Our Case for Support
CLIMATE CHANGE ACTIVIST GRETA THUNBERG SAYS,
If a few children can get headlines all over the world just by not going to school – then imagine what we all could do together if we really wanted to.
She certainly has a point but do you think young people should strike from school to raise awareness of Climate Change?
Well now you can help send some young people to ‘school’ in Antarctica instead! The Kent Scouts ReQuest2021 Project is doing just that. Our mission is to develop six young Antarctica ambassadors who then will create a future legacy by sharing their polar research experience to inspire thousands of other young people.
Each of the young people YOU help support will have to:-
…FUNDRAISE towards the overall total costs for their expedition.
…PROMOTE Scouting’s strong heritage links with Shackleton’s 1921 Quest Expedition.
…LEARN how to crew a one-hundred-year-old sailing vessel through Antarctic waters.
…EDUCATE younger children about climate change and endangered Antarctic wildlife.
…UNDERTAKE an Antarctic Research Project and present their results upon returning.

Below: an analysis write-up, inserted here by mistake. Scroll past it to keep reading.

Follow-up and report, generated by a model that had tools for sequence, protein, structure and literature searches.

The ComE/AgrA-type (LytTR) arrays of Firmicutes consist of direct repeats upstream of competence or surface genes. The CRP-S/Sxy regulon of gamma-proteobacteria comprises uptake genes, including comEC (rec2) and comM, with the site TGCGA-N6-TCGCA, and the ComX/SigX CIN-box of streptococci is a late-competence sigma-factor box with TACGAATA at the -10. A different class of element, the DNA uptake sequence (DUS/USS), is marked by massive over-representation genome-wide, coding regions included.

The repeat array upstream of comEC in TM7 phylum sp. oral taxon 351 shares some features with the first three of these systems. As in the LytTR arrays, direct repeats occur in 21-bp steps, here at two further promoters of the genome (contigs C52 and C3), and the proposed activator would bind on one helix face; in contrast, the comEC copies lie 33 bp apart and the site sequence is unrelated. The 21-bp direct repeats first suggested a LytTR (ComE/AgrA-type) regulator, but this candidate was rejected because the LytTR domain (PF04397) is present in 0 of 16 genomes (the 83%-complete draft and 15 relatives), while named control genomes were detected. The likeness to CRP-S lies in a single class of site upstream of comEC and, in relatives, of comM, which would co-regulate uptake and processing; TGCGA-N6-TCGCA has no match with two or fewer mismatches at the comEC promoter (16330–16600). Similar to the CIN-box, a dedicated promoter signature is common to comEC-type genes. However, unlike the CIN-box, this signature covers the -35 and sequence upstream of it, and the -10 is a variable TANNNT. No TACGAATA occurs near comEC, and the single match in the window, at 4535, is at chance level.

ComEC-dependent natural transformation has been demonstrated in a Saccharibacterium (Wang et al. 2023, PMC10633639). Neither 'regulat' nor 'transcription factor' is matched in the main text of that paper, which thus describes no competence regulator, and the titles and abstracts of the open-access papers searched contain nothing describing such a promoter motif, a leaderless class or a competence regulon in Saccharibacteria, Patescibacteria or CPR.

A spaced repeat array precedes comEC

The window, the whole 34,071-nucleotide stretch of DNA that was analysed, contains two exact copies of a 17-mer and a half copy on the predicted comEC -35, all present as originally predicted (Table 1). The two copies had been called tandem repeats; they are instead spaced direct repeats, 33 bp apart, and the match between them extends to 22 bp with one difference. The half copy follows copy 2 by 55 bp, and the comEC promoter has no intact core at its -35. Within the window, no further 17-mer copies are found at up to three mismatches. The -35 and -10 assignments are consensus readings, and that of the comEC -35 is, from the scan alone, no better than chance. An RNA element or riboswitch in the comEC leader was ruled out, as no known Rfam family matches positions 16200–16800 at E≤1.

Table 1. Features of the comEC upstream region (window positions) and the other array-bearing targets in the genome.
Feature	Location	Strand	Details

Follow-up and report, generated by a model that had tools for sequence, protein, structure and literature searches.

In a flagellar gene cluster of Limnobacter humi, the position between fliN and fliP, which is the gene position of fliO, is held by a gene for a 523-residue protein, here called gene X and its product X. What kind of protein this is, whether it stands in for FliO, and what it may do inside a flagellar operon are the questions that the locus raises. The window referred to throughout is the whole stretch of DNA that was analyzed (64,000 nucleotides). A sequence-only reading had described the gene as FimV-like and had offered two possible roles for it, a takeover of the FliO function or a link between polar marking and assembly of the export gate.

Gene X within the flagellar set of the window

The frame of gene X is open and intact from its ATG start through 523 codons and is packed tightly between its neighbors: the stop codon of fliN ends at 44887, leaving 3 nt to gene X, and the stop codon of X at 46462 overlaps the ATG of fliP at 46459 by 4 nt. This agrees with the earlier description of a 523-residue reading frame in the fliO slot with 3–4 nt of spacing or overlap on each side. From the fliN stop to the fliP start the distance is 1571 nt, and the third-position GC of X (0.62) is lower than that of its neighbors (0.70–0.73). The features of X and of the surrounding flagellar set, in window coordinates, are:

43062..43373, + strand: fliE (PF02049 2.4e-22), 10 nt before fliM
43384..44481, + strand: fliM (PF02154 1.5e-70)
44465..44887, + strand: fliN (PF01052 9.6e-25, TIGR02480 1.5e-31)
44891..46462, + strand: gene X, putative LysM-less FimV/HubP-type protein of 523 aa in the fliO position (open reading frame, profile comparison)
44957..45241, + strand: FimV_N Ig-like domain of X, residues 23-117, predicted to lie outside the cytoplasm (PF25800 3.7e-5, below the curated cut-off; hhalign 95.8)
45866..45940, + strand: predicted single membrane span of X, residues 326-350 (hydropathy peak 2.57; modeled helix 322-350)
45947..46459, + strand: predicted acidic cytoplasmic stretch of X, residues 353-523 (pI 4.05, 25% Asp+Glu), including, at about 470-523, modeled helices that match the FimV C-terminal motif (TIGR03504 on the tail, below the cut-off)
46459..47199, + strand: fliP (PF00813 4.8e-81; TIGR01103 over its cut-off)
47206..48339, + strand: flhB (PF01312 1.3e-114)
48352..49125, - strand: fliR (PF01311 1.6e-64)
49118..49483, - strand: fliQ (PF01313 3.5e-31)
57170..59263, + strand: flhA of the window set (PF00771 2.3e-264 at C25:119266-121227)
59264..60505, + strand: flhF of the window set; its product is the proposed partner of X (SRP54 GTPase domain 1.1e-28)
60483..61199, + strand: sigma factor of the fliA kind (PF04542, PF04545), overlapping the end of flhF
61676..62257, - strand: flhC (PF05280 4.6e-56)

Kent Scouts Global Projects now has a strong track record of running large successful international expeditions. Back in 2009 they ran an eco-awareness training project in South Africa, in 2012 a team climbed Kilimanjaro, in 2018 twenty-four scouts helped with school building and malaria education in Ghana and in 2020 a group are heading off to work with a charity supporting street Children in Kenya.
And now the money bit…! To deliver this project successfully is going to require total funds of £110,000 by 30th June 2021. Flights and Antarctic voyage amount to £10,000 for each of the ten project participants. Plus, another £10,000 is required for pre-expedition training, equipment and resources to achieve the other project objectives – such as the heritage plaques being carved out of Caithness slate which are £1000 each.
So, if you live in Kent (or Aberdeen!) you can attend one of our popular Community Fundraising Events. We are also seeking Corporate Sponsorship and can in turn promote your brand on all our printed literature and online media. Finally, we welcome fresh ideas from individuals or organisations to fundraise for us.
HELP OUR YOUNG ANTARCTIC AMBASSADORS MAKE A DIFFERENCE
SPONSOR THE PROJECT NOW:
ReQuest2021 Podcast Ep. 3
EPISODE 3 – Thursday 2nd January 2020 – Antarctica In An Icebox, 10 incredible things you should really know about Krill and an interview with Lucy Morgan.